To confirm our findings about “partial LOM” sub-clusters, we checked GNAS methylation profiles obtained from genomic DNA extracted from peripheral blood samples in our series of spor-PHP1B patients diagnosed in our lab (n = 56), and we observed that these patterns of partial LOM were recurrent. In particular, if we consider the whole cohort of spor-PHP1B patients (n = 67), we found that the prevalence of cases with partial epigenetic anomalies was about 42%: 5 patients had a partial LOM limited to the AS DMR, 12 patients had a partial LOM limited to the XL DMR, 5 patients had partial LOMs at AS and XL DMRs, and 7 patients had partial methylation defects at all 4 DMRs (Fig. 4).
Fig. 4
Fig. 4

Pie chart showing the prevalence of different sub-clusters of methylation defects detected in our cohort of PHP1B patients with broad GNAS imprinting defects. In particular, patients were firstly divided into two main groups, the severe and the partial methylation defect (58 and 42%, respectively), and then the partial group was further subdivided into partial LOM limited to the XL DMR (18%, 12 of 67 pts), partial LOM limited to the AS DMR (7%, 5 of 67 pts), partial LOM limited to AS and XL DMRs (7%, 5 of 67 pts), and partial LOI at all 4 DMRs (10%, 7 of 67 pts)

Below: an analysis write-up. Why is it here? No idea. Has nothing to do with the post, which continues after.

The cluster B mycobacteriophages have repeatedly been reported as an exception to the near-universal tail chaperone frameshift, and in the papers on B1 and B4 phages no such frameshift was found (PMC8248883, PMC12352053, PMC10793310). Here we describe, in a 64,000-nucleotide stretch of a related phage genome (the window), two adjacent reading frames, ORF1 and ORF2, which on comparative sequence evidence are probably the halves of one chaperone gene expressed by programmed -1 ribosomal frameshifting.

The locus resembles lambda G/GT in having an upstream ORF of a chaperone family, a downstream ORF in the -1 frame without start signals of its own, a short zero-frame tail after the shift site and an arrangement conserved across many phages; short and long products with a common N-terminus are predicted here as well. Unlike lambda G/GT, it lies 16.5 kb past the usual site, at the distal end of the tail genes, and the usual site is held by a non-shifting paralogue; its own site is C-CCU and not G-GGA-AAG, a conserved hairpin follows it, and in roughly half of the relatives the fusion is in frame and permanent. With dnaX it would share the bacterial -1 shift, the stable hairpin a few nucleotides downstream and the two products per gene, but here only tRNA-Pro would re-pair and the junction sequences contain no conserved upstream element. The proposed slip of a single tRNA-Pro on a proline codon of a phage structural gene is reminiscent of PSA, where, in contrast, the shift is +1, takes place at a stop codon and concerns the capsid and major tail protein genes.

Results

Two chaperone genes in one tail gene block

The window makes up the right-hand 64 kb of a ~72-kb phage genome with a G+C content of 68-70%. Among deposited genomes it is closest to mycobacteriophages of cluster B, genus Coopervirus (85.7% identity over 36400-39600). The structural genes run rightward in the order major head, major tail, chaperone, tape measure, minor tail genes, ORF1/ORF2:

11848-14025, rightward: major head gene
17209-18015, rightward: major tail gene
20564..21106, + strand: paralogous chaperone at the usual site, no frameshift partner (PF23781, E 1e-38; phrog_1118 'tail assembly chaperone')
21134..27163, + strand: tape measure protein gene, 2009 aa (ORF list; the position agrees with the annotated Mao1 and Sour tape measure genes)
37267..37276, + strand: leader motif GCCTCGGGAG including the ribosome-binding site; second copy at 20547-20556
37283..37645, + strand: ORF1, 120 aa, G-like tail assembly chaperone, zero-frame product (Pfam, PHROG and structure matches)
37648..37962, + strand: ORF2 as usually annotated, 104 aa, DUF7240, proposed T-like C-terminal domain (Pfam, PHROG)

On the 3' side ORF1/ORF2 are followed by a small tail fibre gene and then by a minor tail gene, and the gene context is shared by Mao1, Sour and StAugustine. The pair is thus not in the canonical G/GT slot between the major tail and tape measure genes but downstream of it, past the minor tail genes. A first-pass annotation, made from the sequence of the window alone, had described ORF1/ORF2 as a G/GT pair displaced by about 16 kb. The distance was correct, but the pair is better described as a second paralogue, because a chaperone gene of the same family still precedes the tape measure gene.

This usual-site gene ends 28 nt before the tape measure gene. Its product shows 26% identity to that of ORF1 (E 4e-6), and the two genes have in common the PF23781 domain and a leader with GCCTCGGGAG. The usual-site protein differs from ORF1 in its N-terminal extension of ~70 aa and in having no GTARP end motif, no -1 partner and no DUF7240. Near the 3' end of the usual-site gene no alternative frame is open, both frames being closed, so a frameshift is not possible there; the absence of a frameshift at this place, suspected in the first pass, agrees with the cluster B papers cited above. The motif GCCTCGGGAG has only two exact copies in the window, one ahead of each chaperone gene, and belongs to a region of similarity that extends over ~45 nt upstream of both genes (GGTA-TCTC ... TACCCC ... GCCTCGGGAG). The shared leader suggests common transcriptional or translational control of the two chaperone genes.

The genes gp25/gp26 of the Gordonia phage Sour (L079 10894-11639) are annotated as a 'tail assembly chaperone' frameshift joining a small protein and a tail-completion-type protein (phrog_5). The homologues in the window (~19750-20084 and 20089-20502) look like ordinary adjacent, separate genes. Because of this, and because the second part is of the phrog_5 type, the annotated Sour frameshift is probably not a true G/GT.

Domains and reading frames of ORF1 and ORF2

Finally, we searched for an explanation of the phenotypic variability, which means the number or severity of hormonal resistances and the presence of signs of Albright hereditary osteodystrophy (AHO), according to the methylation ratio and/or the specific affected CpGs, but we failed to find any significant difference among patients with or without AHO rather than with one or more endocrine alterations.

Discussion

In the present work, we investigated GNAS imprinting in DNA samples obtained from different tissues of a small series of PHP patients, as previously published data confirmed the existence of different degrees of methylation defects associated with PHP1B and suggested the presence of epigenetic mosaicism [10, 19].